Moving on recalls time spent living
The measure of a man’s life is the well spending of it, and not the length.
– Plutarch (A.D. 46?–A.D. c. 120)
The circle of life keeps all of us on the same trail. We may take a turn one way while others turn the other, but the main road remains. We’re born, we grow up and eventually we pass on. What we do on that journey is how we live our life.
For John Hier, that journey is about to take him home. Back to where his journey began, with a life still to live. His journey continues, and what he leaves behind at Rifle City Hall remains.
Hier’s last day before retirement is tomorrow, Friday, May 10. He’s been the city manager of our fine city for nine years. That alone is something to be proud of, given the often politically charged atmosphere municipal administrators must endure.
They’re like politicians: They’ll never please everyone. Almost a no-win scenario, you know?
But it doesn’t look that way for Hier. He’s leaving with much admiration and appreciation from some of the people who know him best. That would be the ones who work for him, and those he has worked for over those nine years.
At the last City Council meeting, Hier was given two plaques in recognition of his public service to the city. One from the Rifle Area Chamber of Commerce and the other from the city itself.
Hier had kind words for the city staff and councilmembers he’s worked with, calling it “an honor to be able to serve you, the staff and the citizens of Rifle.”
He noted the common goal of helping move Rifle ahead, and “always finding a way. It was a very moving experience for me to be in this job.”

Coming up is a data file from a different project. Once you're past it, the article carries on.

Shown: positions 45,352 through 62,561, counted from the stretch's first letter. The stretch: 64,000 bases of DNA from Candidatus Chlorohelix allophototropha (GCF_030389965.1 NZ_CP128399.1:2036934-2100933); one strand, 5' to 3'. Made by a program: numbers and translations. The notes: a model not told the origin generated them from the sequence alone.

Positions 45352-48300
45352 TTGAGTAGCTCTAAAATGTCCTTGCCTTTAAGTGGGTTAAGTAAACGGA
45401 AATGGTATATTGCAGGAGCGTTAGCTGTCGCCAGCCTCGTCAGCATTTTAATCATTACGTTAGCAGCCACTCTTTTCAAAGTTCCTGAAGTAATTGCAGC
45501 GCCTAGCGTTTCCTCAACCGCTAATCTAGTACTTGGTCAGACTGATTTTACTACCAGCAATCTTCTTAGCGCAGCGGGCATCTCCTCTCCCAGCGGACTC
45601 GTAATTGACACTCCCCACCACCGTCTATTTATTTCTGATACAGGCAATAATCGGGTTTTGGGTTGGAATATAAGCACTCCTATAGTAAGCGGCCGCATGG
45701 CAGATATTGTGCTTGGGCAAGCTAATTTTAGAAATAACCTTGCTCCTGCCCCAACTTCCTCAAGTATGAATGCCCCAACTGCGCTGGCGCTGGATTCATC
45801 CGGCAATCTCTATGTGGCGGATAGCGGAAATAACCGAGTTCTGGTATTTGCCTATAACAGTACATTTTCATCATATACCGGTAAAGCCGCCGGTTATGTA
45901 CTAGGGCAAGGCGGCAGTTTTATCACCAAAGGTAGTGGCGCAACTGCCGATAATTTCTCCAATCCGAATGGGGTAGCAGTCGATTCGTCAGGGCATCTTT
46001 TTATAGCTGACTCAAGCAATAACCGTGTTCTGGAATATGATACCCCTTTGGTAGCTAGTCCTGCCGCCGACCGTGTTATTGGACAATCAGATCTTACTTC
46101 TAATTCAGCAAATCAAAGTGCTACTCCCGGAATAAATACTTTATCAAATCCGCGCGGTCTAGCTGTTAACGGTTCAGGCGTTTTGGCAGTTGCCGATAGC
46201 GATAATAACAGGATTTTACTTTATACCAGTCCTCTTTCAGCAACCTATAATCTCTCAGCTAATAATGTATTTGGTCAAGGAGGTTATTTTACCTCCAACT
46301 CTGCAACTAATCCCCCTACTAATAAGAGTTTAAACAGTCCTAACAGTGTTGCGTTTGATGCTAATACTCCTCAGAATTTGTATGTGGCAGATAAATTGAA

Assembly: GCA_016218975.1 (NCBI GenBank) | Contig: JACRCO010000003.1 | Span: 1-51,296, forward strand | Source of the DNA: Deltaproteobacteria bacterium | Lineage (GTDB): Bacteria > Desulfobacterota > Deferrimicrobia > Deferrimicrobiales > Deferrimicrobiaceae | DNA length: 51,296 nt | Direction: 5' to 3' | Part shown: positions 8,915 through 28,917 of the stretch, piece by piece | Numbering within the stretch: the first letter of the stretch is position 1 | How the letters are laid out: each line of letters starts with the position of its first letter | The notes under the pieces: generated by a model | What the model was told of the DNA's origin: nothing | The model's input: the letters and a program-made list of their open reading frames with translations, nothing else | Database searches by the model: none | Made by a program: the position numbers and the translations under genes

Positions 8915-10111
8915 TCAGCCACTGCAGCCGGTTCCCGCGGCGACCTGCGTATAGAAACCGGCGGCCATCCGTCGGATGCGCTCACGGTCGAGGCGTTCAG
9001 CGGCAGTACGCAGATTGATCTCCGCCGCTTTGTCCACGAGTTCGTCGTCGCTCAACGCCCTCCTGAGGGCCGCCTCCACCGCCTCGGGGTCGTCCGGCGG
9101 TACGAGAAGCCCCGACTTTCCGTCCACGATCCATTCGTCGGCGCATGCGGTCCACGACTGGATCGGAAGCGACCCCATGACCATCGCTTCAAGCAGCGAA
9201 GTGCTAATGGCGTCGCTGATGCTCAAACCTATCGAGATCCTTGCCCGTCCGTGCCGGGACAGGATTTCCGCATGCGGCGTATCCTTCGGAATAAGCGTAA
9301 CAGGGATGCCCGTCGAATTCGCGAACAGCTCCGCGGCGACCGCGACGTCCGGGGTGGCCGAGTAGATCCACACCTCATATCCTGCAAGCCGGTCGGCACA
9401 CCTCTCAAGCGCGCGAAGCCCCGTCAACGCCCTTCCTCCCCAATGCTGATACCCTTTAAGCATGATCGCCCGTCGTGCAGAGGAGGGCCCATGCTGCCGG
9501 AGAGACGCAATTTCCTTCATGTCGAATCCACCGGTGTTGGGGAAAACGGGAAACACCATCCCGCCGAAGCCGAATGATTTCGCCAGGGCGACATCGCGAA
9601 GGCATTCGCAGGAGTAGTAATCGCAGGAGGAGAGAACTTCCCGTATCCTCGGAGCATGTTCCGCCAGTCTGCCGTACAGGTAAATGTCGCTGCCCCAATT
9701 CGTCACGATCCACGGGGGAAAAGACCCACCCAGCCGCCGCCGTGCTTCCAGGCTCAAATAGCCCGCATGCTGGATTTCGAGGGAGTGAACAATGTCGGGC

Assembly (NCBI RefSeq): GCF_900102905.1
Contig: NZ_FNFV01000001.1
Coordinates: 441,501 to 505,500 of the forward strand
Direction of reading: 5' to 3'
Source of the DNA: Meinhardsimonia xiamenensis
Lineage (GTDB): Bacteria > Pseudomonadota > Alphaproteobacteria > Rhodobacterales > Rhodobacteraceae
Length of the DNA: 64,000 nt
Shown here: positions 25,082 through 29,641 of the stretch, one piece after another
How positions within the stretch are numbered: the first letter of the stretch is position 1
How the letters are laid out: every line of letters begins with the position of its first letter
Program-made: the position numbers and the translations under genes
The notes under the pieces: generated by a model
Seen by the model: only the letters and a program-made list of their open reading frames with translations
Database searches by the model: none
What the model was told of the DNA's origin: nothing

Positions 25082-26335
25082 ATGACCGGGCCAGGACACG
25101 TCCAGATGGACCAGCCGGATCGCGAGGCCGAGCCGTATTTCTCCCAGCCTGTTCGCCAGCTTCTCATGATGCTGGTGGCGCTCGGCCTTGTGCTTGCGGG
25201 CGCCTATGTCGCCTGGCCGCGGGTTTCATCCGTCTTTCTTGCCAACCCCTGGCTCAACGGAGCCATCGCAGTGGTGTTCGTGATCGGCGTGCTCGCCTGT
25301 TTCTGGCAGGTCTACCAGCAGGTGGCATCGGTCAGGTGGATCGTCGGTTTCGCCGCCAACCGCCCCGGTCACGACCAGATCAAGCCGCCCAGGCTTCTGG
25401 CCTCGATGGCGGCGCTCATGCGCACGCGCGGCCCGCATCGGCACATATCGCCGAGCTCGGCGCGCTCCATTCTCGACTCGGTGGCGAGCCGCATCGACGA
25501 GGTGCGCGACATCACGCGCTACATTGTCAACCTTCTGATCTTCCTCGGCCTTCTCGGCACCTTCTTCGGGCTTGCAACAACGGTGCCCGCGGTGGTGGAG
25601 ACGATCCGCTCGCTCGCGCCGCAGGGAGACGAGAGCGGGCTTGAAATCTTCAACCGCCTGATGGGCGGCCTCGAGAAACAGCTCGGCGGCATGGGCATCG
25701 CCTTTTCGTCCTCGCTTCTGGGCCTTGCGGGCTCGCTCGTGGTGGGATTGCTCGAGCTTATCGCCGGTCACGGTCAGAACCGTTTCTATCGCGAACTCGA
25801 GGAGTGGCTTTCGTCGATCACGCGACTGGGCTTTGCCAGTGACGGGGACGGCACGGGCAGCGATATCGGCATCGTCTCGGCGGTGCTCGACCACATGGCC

Most importantly, he thanked his wife, Melissa, for supporting him during his time as city manager, “through all the nine years of long nights.”
Melissa sat at her husband’s side when he announced during a January City Council meeting his intention to retire. And she was there the other night.
All seven councilmembers had kind words for the man a few of them have known as the only city manager they’ve worked with as elected officials.
The praise seems warranted, if you look at what’s changed in Hier’s nine years. The arrival of Walmart and all the commercial development south of the Colorado River, the natural gas boom of the early and mid-2000s and resulting growth in new homes that now has Rifle as a city of more than 9,000 people.
By no means was Hier solely responsible for all that good fortune (and the recent downturn wasn’t all his fault, either.) But through it all, Hier lead a staff and council in the direction that finds us where we are now. From my seat, not a bad place to be, despite a few warts.
From here, Hier and his wife will journey back to his birth place of Lincoln, Neb., where the family farm awaits attention. An avid gardener, Hier has vegetables to plant. And he plans to fish and hunt as much as possible.
Not a bad place to end up on one life’s journey, don’t you think?
“The curtains of yesterday drop down, the curtains of tomorrow roll up; but yesterday and tomorrow both are.”
Mike McKibbin is the editor of The Citizen Telegram.
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